Journalism Majors Practice Their Craft in Capstone Project
By Katharine Webster
Katrina Desrosiers loves cats, pumpkin-scented candles and the TV show “Friends.” Her best quality is that she’s open-minded.
Michaela Goss loves Christmas – especially watching “The Polar Express” over and over – and the Harry Potter books. One of her pet peeves is when people misuse the Oxford comma.
Curious to know more about them? The two students share this information – and profiles of many other people on campus – on their blog, “Humans of UMass Lowell.”
Desrosiers and Goss have taken over and expanded the Humans of UMass Lowell project on Facebook, Instagram, WordPress and Twitter. Inspired by the phenomenally successful blog “Humans of New York,” which offers daily glimpses into the lives of people in New York City to a global audience, Goss and Desrosiers are photographing and profiling UML students, faculty and staff all year for their honors capstone project. Then they plan to pass the torch.
“Humans of UMass Lowell” was started in 2015 by honors psychology and exercise physiology major Patrice Faith Olivar and two friends for a community social psychology course. Olivar’s friends graduated, and she knew she would be too busy to keep it up this year, so in the spring, she posted that she was looking for someone to take it over. After interviewing several candidates, she chose Goss and Desrosiers, both English majors with a concentration in journalism and professional writing.
“We’d had the idea to do something like this for three years, so we were lucky that she chose us,” Desrosiers says.
Now Goss and Desrosiers are blogging, tweeting and posting #HumansofUML interviews several times a week. For each interview, they use a random number generator to pick several questions from a master list they created. Most of the questions are lighthearted, like “What fictional character would you like to hang out with?” but they have one deeper question per interview, such as “What do you want people to remember about you?”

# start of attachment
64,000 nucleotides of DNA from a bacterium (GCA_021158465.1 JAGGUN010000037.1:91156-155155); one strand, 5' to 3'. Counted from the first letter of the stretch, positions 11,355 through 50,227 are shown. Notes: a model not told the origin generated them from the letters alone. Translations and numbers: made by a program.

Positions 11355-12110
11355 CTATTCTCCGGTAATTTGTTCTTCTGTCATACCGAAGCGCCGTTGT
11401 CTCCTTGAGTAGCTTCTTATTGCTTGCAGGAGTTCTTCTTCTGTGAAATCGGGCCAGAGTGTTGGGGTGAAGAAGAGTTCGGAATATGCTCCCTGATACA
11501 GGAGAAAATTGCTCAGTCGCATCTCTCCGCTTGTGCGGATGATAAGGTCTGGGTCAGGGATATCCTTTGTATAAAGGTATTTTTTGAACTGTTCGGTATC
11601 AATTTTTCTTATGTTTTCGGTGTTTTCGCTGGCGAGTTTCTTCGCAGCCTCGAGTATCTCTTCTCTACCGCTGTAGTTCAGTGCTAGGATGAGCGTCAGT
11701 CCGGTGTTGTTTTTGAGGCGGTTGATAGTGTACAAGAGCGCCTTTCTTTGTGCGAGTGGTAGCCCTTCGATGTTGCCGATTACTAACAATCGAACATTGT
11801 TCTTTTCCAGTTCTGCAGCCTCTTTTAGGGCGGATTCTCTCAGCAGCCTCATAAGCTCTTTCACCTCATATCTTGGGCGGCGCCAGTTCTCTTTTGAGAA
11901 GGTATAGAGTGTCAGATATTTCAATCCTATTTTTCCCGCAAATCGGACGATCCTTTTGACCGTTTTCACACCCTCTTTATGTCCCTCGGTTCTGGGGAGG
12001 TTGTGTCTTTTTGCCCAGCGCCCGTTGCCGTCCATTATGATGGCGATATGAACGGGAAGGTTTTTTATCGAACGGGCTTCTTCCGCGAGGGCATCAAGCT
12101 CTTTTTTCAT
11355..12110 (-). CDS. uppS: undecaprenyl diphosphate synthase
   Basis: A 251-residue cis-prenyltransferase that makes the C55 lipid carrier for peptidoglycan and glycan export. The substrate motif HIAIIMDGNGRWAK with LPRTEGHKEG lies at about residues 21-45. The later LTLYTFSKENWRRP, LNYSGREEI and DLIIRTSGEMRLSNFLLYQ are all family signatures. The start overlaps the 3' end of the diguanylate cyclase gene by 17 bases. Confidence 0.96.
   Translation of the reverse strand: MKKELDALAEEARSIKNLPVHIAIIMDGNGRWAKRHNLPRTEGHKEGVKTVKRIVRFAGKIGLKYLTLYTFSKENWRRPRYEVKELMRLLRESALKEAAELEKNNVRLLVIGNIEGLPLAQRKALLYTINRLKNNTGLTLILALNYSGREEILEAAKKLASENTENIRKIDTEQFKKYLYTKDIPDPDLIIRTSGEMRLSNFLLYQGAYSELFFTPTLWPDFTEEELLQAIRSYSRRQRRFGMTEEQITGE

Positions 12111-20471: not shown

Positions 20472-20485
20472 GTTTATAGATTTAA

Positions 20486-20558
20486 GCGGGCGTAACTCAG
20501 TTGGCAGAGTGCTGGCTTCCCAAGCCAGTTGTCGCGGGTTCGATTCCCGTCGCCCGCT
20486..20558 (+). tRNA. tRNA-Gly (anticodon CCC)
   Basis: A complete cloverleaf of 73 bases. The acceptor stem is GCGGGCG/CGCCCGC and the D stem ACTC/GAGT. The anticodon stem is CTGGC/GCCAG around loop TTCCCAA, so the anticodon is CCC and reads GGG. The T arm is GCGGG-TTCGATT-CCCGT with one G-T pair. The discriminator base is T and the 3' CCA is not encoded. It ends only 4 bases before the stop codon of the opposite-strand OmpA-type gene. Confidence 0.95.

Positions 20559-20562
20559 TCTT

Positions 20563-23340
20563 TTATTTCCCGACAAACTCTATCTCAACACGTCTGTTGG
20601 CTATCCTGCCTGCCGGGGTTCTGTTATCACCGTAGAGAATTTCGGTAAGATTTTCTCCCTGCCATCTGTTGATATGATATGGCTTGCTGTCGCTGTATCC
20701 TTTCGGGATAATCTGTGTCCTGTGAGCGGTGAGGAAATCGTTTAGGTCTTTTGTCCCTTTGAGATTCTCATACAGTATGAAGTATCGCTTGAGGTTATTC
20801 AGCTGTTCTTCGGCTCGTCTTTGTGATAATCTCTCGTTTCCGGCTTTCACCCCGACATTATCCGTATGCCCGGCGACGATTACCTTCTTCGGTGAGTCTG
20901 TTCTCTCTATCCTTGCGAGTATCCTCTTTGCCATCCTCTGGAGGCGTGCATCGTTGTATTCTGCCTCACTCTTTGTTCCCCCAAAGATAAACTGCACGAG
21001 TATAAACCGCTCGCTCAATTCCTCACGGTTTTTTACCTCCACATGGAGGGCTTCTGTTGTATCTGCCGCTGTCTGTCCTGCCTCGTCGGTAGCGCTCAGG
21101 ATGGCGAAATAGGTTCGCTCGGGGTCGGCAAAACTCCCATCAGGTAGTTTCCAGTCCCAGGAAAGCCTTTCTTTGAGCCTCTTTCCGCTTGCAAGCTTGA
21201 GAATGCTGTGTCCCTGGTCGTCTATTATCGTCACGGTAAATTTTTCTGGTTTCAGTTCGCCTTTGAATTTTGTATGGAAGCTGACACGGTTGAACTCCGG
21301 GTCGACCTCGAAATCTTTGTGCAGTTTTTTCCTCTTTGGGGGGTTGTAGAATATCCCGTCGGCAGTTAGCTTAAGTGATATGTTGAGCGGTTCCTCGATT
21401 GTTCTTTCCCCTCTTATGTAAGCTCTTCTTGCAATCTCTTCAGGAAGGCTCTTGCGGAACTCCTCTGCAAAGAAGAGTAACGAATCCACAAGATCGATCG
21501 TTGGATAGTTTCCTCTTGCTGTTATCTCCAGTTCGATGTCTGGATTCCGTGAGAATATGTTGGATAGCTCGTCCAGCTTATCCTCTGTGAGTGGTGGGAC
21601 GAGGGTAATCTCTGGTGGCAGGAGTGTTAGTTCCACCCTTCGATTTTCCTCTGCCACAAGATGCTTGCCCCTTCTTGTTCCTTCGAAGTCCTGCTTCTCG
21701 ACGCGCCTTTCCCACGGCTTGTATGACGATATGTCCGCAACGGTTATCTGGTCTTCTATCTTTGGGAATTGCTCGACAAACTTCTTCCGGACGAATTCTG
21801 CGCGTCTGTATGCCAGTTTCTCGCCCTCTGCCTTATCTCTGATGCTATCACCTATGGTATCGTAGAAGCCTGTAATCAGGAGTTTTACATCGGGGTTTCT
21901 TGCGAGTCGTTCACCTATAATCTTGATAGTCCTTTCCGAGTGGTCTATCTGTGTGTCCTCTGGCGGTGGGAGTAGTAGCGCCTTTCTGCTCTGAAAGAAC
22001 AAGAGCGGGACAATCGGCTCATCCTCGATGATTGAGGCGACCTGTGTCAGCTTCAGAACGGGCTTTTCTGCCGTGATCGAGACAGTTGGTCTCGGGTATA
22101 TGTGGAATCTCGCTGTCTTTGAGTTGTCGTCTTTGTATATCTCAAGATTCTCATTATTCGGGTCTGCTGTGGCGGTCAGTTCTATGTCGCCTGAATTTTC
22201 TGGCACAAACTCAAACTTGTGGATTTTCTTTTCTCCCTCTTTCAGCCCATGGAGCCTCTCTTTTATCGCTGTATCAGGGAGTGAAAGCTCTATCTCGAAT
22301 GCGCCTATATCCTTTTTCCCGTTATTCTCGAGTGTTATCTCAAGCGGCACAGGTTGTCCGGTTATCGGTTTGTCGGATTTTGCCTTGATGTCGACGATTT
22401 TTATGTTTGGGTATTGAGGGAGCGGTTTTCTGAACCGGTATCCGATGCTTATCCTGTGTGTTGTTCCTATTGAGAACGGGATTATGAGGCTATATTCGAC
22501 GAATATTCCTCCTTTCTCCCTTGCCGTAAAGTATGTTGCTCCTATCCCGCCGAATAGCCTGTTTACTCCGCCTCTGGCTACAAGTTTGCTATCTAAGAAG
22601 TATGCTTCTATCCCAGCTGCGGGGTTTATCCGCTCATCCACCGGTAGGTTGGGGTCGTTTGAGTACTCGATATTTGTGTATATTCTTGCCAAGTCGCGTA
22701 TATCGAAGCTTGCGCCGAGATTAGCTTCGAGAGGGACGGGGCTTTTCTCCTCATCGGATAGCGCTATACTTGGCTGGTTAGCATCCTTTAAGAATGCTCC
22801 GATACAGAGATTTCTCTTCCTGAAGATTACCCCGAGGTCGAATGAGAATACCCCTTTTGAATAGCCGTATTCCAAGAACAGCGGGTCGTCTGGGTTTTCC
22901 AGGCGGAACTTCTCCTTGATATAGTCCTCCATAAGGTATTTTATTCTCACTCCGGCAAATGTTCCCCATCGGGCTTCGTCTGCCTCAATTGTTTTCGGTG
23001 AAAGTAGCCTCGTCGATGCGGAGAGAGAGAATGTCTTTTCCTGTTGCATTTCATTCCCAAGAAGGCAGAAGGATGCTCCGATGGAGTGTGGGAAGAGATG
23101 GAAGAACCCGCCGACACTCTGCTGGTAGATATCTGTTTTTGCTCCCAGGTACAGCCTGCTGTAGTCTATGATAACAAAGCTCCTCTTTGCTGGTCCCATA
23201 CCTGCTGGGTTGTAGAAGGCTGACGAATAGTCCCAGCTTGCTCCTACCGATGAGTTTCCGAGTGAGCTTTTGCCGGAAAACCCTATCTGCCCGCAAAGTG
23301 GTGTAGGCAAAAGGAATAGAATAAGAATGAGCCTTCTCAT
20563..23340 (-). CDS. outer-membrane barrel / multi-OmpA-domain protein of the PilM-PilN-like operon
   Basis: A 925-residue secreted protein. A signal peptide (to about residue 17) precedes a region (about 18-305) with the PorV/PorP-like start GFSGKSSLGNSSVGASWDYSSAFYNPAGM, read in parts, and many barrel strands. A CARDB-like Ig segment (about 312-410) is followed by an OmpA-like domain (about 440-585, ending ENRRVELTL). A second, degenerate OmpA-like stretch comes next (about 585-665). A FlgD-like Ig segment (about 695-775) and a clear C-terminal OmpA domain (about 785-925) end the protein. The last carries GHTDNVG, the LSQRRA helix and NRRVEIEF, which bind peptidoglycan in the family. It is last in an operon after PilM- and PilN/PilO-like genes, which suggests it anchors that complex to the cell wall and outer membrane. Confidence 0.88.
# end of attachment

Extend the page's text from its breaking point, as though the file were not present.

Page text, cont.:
The response to their efforts has been gratifying. They have hundreds of followers on Facebook and Instagram, are building a following on their new Twitter account and get over 100 shares, reposts and click-throughs to the blog on each new profile.
“People get so excited to see themselves on our blog,” Desrosiers says.
“Diversity is really important for us because the campus is so diverse,” Desrosiers says.
The two have come to share majors, classes and extracurricular activities since meeting at orientation the summer before freshman year. They ended up in the same math class first semester and started hanging out. They’ve taken honors seminars together – a favorite was Assoc. Prof. Keith Mitchell’s class on contemporary African-American literature – and have become the best of friends, to the point where they complete each other’s thoughts.
Desrosiers commutes from her family’s home in Nashua, N.H., and is double-majoring in French, largely because of her family’s French-Canadian background.
Goss, who’s from Chelmsford, lives on campus and has a work-study job in the History Department. She started off in the Theatre Arts concentration within the English Department, but after learning about what Desrosiers was studying and meeting Silverman, she decided to switch to journalism and professional writing – and to join the Honors College alongside Desrosiers.
“The English Department faculty are so great,” she says. “Professor Silverman is the best.”
“He’s our backbone,” Desrosiers adds.
Desrosiers already has considerable social media marketing experience after landing a paying, 35-hour-a-week internship at SearchPro Systems of Nashua last year. From May 2016 through last April, she helped create websites, Facebook pages, Twitter accounts and blogs for more than 200 business clients, updating their posts regularly and checking their analytics. She has also been a copy editor at The Connector student newspaper since freshman year.
Goss recently joined Desrosiers as a copy editor at The Connector. She is also pursuing a minor in digital media, which includes classes in multimedia storytelling and video production that will help prepare her to work in multimedia journalism or social media.
What have they learned so far from doing the Humans of UMass Lowell project?
“I’ve learned more about time management, collaboration and consistency,” Desrosiers says.
Goss says putting up four posts a week (two apiece) while being consistent in purpose and style is a challenge.
“It's just the two of us working on it with guidelines we made up ourselves, so we have to make sure we're on the same page,” she says. “We're very supportive of each other and don't want to limit the other's creativity, so we always try to communicate before we post.”